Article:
Pinellas County stretches from Tarpon Springs to St. Petersburg along Florida’s central gulf coast. Most of the county is a peninsula separating Tampa Bay from the Gulf of Mexico. Its Gulfside edge is comprised of a series of barrier islands sprinkled with beach towns. This is where the urban pace melts away and a beachy vibe begins to resonate.
Downtown St. Petersburg
Before we tour the beaches, let’s visit downtown St. Petersburg. Re-envisioned and revitalized, this once frumpy, “old folks” community is now a younger, vibrant, culturally rich district. Downtown St. Pete hugs the shoreline of Tampa Bay with walking parks, sports venues, a university campus, restaurants, gallerias and shops. The Salvador Dali Museum, housing the largest collection of the surrealist’s work outside of Spain, anchors several museums including the Fine Arts Museum and the Chihuly Collection, with its extraordinary exhibits of dramatic and colorful glass sculptures.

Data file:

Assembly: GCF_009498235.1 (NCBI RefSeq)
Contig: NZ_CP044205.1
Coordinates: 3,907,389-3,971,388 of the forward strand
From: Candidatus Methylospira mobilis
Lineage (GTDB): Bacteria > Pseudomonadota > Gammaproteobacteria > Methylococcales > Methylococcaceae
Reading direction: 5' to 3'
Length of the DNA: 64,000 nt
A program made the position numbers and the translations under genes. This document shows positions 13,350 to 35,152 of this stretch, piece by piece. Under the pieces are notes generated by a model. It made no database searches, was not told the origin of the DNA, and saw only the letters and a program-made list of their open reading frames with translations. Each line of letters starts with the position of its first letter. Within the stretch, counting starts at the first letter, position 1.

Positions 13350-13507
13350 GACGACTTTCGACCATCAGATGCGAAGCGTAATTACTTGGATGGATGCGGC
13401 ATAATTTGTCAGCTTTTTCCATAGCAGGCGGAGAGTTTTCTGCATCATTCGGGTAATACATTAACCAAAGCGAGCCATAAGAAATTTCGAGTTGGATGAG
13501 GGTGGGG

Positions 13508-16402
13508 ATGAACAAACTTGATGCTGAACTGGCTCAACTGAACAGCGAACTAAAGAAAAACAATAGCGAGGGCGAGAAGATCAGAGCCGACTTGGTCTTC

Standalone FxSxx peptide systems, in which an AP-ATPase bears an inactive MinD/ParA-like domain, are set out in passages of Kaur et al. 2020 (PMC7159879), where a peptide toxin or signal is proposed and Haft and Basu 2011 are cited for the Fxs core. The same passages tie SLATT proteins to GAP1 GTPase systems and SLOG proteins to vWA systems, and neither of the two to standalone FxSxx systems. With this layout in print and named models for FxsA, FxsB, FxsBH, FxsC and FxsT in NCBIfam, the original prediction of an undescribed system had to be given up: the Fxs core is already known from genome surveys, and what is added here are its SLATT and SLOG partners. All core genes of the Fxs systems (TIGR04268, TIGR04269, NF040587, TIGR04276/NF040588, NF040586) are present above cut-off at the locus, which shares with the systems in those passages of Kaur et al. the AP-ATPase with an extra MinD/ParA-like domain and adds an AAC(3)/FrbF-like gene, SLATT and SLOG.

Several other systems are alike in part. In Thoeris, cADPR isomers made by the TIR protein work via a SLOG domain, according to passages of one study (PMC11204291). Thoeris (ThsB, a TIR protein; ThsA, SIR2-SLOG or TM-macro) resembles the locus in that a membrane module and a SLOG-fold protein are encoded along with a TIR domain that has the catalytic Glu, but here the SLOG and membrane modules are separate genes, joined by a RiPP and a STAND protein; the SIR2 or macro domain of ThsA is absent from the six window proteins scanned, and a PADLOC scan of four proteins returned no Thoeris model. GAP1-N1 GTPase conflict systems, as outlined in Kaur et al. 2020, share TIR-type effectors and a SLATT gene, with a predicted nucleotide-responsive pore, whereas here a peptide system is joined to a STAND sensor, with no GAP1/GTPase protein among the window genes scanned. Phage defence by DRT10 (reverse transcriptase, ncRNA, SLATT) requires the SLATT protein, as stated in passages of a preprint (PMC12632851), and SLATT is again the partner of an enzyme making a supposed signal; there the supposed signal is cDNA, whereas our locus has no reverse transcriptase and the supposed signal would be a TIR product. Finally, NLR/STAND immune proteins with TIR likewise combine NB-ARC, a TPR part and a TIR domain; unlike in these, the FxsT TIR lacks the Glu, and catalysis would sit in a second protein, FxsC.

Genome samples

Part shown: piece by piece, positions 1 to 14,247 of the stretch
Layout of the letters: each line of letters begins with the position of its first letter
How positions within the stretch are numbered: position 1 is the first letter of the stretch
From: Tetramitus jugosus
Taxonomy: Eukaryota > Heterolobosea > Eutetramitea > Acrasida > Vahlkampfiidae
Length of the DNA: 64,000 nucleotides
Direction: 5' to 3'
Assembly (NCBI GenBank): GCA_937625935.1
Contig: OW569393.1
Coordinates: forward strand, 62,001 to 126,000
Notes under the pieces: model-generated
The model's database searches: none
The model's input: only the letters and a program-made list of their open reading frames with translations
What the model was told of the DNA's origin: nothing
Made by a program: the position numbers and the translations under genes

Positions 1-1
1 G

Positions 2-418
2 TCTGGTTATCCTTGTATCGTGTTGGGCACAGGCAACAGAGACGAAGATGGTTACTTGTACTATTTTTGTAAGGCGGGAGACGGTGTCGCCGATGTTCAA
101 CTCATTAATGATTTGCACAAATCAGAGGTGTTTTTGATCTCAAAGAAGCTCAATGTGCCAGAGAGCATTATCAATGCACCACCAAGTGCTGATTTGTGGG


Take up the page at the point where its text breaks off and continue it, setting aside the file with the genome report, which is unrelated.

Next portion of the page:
St. Petersburg’s historic downtown neighborhood
A short walk through downtown neighborhoods reveals refurbished historic bungalows and cottages lining red brick streets. Even the downtown St. Pete Shuffleboard Club draws a younger crowd these days.
Sunken Gardens, downtown St. Petersburg
There’s plenty to do downtown, but across the county to the Gulf of Mexico lies miles of white sandy beaches, funky shops, local art galleries, restaurants and nearby protected islands and state parks. Here you can have a weekend of fun in a “real” Florida getaway.
St. Pete Beach & Pass-a-Grille
St. Pete Beach